This Friday, 6 September, the Malaysian athlete will face Michael “The Beast From The East” Pham, and the crowd in the Phu Tho Indoor Stadium is sure to be behind the Vietnamese-Englishman.
It will also be the Muay Thai 98 & Fitness Gym representative’s ONE Super Series Muay Thai debut, and he admits he is feeling some pressure as he sets out to do his country proud in The Home Of Martial Arts.
“I would be lying if I said I’m calm. I’m nervous because there’s always a huge pressure whenever you carry the country’s flag or name to an international stage,” he says.
“A lot of Malaysians will be watching the live event, and this is the biggest match in my life.”
Fakri is also well aware of the danger Pham brings to the ring, and what he has accomplished in his career.
The Team Tieu representative is an ISKA, WKA, and MTGP European champion with more experience, and a relentless style.
“I’ve never heard about him much, but what I know is that he has won a lot of belts. He’s got powerful punches and very hard kicks,” the man from Johor Bahru says.
However, “Ant Man” is one of his country’s most promising rising stars in “the art of eight limbs” with a 12-2-1 record that includes seven victories by knockout.
He has also had a great training camp alongside fellow Malaysian ONE Super Series star Mohammed “Jordan Boy” Bin Mahmoud, as well as his brothers.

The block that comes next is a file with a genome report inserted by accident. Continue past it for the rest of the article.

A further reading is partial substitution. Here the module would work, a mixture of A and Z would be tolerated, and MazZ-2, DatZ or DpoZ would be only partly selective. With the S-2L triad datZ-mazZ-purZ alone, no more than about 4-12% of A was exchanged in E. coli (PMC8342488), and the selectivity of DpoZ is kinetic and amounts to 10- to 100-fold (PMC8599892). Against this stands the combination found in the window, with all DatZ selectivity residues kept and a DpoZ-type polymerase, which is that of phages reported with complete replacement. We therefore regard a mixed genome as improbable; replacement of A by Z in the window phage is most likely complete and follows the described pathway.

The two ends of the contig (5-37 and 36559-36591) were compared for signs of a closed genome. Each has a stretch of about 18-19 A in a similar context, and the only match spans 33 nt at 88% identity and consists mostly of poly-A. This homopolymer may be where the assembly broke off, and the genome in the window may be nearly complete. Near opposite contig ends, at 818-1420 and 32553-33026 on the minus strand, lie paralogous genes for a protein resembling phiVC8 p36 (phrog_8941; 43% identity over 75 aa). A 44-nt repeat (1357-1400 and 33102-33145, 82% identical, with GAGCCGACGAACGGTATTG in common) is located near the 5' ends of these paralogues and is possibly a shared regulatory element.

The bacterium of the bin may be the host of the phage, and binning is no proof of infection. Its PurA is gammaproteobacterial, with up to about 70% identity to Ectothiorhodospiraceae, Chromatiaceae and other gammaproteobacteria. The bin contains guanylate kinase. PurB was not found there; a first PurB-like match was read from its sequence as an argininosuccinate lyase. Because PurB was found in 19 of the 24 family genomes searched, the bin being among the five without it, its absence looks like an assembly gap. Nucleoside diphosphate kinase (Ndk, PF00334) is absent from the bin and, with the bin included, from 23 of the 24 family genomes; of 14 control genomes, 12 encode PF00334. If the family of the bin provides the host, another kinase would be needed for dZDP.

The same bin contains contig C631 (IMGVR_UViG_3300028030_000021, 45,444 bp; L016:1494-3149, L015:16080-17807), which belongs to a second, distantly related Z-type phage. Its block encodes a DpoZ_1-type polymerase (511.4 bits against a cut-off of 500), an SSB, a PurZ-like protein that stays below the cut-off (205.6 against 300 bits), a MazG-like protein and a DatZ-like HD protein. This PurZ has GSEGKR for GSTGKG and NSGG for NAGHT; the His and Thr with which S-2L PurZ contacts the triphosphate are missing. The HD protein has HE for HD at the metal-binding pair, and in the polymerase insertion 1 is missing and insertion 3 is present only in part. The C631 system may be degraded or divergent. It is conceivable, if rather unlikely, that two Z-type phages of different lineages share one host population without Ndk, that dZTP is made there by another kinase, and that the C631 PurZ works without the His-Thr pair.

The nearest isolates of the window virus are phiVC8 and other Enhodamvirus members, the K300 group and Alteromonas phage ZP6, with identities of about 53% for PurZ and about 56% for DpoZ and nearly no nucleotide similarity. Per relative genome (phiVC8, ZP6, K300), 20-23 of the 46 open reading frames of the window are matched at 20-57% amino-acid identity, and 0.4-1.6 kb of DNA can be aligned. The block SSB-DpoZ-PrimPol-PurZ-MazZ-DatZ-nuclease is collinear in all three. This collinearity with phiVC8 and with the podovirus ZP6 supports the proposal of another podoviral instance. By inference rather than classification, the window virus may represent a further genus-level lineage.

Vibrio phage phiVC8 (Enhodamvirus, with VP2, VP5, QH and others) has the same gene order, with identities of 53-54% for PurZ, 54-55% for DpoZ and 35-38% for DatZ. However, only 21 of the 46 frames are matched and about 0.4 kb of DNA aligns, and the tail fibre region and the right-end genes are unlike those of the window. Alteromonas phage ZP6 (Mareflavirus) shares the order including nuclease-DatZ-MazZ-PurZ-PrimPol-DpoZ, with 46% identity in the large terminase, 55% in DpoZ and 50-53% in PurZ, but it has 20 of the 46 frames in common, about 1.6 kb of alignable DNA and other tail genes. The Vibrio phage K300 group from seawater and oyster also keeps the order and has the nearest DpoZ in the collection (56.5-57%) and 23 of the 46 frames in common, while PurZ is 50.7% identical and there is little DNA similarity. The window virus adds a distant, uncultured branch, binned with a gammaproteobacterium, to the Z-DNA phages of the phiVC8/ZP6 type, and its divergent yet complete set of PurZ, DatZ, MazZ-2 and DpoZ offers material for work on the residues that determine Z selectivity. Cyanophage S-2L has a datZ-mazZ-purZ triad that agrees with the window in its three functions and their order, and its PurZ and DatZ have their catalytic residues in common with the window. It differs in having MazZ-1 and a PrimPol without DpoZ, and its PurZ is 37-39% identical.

During the past few weeks, the 23-year-old and his team have worked on ways to make the most of the height advantage he will enjoy at the Phu Tho Indoor Stadium, so he is ready to put the pressure on “The Beast From The East” however the match-up plays out.
“I’m a southpaw, and he’s an orthodox striker, so we’ll be both open to strikes. I believe it will be an exciting battle,” he explains.
“I’ve got powerful knees in the clinch. I can attack anybody to their body or their head. During my days competing in Malaysia, my knees have always been my biggest weapon.”
His goal is simple – win in impressive fashion. Fakri is desperate to begin life in the world’s largest martial arts organization by making a big first impression on fans at home and around the world.
The best way to do that, he says, is to score a highlight-reel KO in round one.
“I’d want a knockout like how “Jordan Boy” knocked out his opponent in Kuala Lumpur in December last year,” he adds.
“Winning by points might show me as a boring fighter, so I want a finish – whether it’s by my knees, elbows, punches, or kicks.
“To my opponent, thank you for accepting this fight. Let’s put on a good match in Vietnam on 6 September!”